07/24/2004 @ 04:13 PM: The following is my fan review of Van Halen's Thursday night show at the Xcel Energy Center in St. Paul. I've submitted it to the official Sammy Hagar website, but it has yet to be posted.
I was 20 years old the last time I saw Van Halen with Sammy Hagar; I'm 29 now.
It's about time.
Van Halen's July 22nd Show at Xcel Energy Center in St. Paul was everything expected--almost exactly.
There they all were again: Sammy, picking up where he left off and even growing some hair back; Eddie, looking happy to be there and like he downed a couple bottles of wine on the plane; Alex, sporting no neck brace and plenty of percussive thunder; and Mike, looking happy he had a job and somewhere to play that new signature bass.
The group stormed through the exact set list that has been posted from previous shows. And we were treated to all of the documented surprises--Wolfgang making an appearance during Eddie's solo, Mike singing lead on "Somebody Get Me A Doctor," Eddie giving one of his new Charvel 'Art Series' guitars a road-test (a potential sign of his rumored split with Peavey), and so on. Though "Jump" was a fun and enthusiastic opening, the group was rough during the first half of the show. Sammy remarked at one point that they'd been off the day before and had gotten into town just one hour before showtime. Those were apparently two factors that didn't lend themselves to a quality performance. Still, in come-from-behind-win fashion, they picked the energy up and sounded better as the night progressed. Video shown during "Right Now" was mostly the original video for the song but contained some new footage, including a brief jab directed at President Bush's lack of foresight--something I personally appreciated--and a tribute to 9/11. (Some may recall that one of the producers of the "Right Now" video, Carolyn Beug, was on Flight 11 that crashed into the WTC.)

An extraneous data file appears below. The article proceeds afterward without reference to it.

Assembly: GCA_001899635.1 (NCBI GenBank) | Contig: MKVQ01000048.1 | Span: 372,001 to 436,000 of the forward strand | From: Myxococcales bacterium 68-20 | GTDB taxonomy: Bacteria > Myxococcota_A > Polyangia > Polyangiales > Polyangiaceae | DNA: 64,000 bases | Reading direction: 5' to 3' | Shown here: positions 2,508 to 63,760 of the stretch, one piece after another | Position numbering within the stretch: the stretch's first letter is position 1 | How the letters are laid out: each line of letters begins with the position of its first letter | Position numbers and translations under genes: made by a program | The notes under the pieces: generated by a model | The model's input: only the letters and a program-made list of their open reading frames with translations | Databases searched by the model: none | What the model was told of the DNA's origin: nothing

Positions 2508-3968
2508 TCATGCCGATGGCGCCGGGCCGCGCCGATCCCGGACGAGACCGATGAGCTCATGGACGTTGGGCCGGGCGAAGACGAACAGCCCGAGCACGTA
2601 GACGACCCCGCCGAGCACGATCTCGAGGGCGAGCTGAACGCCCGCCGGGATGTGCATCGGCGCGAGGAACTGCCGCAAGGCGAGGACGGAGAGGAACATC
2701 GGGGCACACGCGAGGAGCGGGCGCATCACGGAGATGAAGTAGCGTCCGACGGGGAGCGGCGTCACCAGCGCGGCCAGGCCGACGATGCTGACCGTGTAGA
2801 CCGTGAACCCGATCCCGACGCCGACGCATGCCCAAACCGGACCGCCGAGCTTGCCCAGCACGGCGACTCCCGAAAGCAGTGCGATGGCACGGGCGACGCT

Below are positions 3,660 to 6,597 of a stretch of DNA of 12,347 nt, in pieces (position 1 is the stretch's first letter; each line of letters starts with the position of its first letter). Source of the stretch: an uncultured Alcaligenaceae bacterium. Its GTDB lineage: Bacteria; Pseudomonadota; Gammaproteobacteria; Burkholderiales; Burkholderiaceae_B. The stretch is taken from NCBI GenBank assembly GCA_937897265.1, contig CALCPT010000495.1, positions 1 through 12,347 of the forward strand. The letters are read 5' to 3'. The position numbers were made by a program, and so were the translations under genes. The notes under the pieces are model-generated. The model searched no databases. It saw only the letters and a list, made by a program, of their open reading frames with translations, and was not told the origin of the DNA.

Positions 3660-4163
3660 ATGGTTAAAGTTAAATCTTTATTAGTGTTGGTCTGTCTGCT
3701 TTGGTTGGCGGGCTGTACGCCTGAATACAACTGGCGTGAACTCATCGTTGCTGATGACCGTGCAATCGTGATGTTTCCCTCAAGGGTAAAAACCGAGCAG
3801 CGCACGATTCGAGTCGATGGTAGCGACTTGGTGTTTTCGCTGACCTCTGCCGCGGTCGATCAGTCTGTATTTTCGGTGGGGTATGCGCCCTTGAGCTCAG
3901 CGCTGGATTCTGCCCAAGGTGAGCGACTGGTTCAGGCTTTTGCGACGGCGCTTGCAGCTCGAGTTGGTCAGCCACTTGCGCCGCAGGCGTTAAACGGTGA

As far as individual performances went, Alex wins the Musicianship Award. He was solid and consistent the entire set. Sammy was... well, Sammy. His showmanship during recent solo tours differs somewhat from that of his role in VH. Perhaps it is because in VH there is a more overwhelming force present (Eddie). Either way, he kept his in-between rants to a minimum, and his voice sounded better than any of the old VH shows in the Twin Cities. Mike... uh, played the bass and sang background vocals. (If I'd been near the stage I would have spiked his water with some hot sauce.) Sammy once called Eddie an "alien" who is "not from this world." I'm beginning to believe him. Eddie was either really drunk or really missing his home planet. Excess is fun and rock n' roll when you're young; when you're 49 it's a problem. Eddie's relentless noodling and noise-making was very cool in a few places, but borderline annoying otherwise. He talked--inaudibly--entirely too often and missed most of his background vocal parts. Also disappointing was his tone--maybe just a problem with the house mix EQ and not his amp--but it was ear-piercing in the presence and highs and devoid of anything "brown."
I dropped $100 for my ticket. Was it worth it? Let me put it this way: In 1988 I paid $27.50 to see Van Halen and four other bands, and that was a lot for a concert at the time. If the VH boys end up making a record and going on tour again--and again charge $100 a head--I'll go, but I may insist that a sandwich and t-shirt be provided with the price of admission.